Tuesday, June 14, 2016

Becoming Human

            I recently finished a screenplay, inspired by a novel I wrote, that takes place in 1963. From the beginning I wanted the neighborhood to be composed of different ethnicities coming together to form a community—to me, that is the true meaning of the American dream. Not a melting pot, but an immigrant stew, rich with a multitude of spices and ingredients. Or as Danny, Sophie’s Moroccan-Jewish trumpeter father, puts it, “a blues song sung in different languages and accents.”

1963 was a pivotal year in America. In March Betty Friedan published The Feminine Mystique. In August Martin Luther King gave his “I have a dream” speech at the March on Washington. And in November, the president, John Fitzgerald Kennedy, was assassinated. Two days later, millions of Americans, glued to their TV sets, watched Jack Ruby, a nightclub owner, shoot and kill JFK's alleged assassin, Lee Harvey Oswald

Violence had entered the American living room.

Newscasters, including Walter Cronkite, were visibly emotional. People all over the world were shown, weeping and stunned with grief. Frank McGee said on TV: "This is a moment that will be emblazoned in your memory and you will never forget it... as long as you live."

It changed the path of our country, and also the journey of TV news coverage. Images were indelibly branded in viewers' minds: the convertible procession through Dallas... Jackie's pink pillbox hat and pink suit... the smiling, handsome President suddenly crumpling in the seat of the convertible... Jackie refusing to change her bloodstained suit... Lyndon Baines Johnson being sworn in as the new leader... Oswald's smirk in his mug shot... his murder... the State funeral -- Jackie in black, little John-John saluting his father's casket....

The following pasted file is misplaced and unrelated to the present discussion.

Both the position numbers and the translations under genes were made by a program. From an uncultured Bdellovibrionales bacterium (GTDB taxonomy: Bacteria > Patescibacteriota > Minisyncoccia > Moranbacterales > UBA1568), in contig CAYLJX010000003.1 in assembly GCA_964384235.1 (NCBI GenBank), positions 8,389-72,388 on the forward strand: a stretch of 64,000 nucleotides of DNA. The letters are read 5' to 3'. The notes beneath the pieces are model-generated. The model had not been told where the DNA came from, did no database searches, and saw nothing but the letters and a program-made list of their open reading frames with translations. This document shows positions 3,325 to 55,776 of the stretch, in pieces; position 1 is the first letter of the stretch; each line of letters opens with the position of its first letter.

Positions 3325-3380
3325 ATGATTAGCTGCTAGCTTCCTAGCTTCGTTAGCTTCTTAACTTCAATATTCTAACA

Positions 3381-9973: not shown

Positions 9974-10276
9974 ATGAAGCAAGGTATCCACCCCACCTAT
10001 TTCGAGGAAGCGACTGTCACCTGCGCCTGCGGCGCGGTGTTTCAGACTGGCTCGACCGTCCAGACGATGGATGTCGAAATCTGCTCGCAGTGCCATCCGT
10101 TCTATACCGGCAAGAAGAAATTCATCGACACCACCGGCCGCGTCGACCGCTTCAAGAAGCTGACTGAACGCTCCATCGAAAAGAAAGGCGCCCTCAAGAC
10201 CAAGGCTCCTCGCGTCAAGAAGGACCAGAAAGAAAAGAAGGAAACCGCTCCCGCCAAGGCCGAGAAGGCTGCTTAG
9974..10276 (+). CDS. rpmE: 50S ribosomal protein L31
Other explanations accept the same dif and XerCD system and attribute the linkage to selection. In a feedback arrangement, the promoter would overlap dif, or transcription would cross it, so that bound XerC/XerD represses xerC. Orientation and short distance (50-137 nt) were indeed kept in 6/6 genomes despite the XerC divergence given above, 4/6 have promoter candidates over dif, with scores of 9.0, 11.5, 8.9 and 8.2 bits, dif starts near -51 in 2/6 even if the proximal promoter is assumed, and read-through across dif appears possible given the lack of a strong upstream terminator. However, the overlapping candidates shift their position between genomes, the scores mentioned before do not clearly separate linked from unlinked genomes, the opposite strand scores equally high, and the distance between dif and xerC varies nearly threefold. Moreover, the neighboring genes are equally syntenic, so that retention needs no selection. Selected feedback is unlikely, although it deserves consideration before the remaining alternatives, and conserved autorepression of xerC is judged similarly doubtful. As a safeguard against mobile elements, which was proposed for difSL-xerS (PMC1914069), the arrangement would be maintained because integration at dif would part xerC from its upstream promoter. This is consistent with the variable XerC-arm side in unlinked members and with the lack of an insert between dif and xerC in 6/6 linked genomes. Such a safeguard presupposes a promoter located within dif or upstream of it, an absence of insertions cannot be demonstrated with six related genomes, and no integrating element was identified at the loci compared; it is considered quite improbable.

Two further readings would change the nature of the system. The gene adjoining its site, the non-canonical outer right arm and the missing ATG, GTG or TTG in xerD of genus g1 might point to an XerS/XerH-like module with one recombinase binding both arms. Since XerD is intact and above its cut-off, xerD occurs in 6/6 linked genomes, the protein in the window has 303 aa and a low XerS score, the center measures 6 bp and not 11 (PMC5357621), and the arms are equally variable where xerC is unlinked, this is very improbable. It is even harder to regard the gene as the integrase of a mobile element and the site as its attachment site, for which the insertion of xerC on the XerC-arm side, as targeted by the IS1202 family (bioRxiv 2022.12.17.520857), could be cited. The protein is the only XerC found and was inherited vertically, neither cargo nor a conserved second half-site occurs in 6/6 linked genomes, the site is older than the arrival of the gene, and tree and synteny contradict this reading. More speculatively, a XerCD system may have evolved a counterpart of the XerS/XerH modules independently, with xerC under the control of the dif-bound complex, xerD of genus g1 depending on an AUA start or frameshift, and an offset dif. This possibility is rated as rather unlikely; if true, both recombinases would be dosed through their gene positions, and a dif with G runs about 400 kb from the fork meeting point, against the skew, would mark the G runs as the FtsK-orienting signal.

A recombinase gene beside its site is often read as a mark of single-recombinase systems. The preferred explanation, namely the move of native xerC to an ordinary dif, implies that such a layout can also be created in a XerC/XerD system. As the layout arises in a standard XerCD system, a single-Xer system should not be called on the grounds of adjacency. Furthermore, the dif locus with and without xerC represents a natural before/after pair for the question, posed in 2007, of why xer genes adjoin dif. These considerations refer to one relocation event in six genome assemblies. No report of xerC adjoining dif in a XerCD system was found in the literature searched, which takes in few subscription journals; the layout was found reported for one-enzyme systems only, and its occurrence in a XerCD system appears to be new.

Less than a week later, Americans celebrated Thanksgiving in a country, and a world, changing before their eyes and spinning beneath their feet. 

People ask me how it felt to write a historical story. The truth is I never felt I was writing a "period piece"—the events I describe still burn with urgency, the words crackling with relevance: racial tension, women's rights, religious intolerance, xenophobia, gentrification. All I had to do was look at today’s headlines to see them reflected in the past. 

But 1963 was also the year of Hitchcock's "The Birds" and the musical, "Bye Bye Birdie." Beatlemania was born, and so was the Smiley Face. The first Bond film was released, and eerie Barbie Doll and Ronald McDonald commercials aired on TV. 

The thing is I'm not writing about issues -- I'm writing about people trying to figure out what it means to live life as a human being. One of my characters, reeling from the horrors of the Holocaust, only 18 years earlier, says, "To become human is the challenge. It's not enough 'to be' anymore. We have to learn to 'become.' It's the greatest war we have to fight. Against ourselves, first of all. If this war has taught us anything, it's how difficult it is to become a human being." 

It's the greatest question we can ask ourselves: What does it mean to become a human being in our world?

In 1963 the seeds were being planted in American soil, all the 'isms and issues that govern, and haunt, our lives today. Imagine if they'd been watered and cherished and allowed to grow free under the sun. 


It's not too late to become human.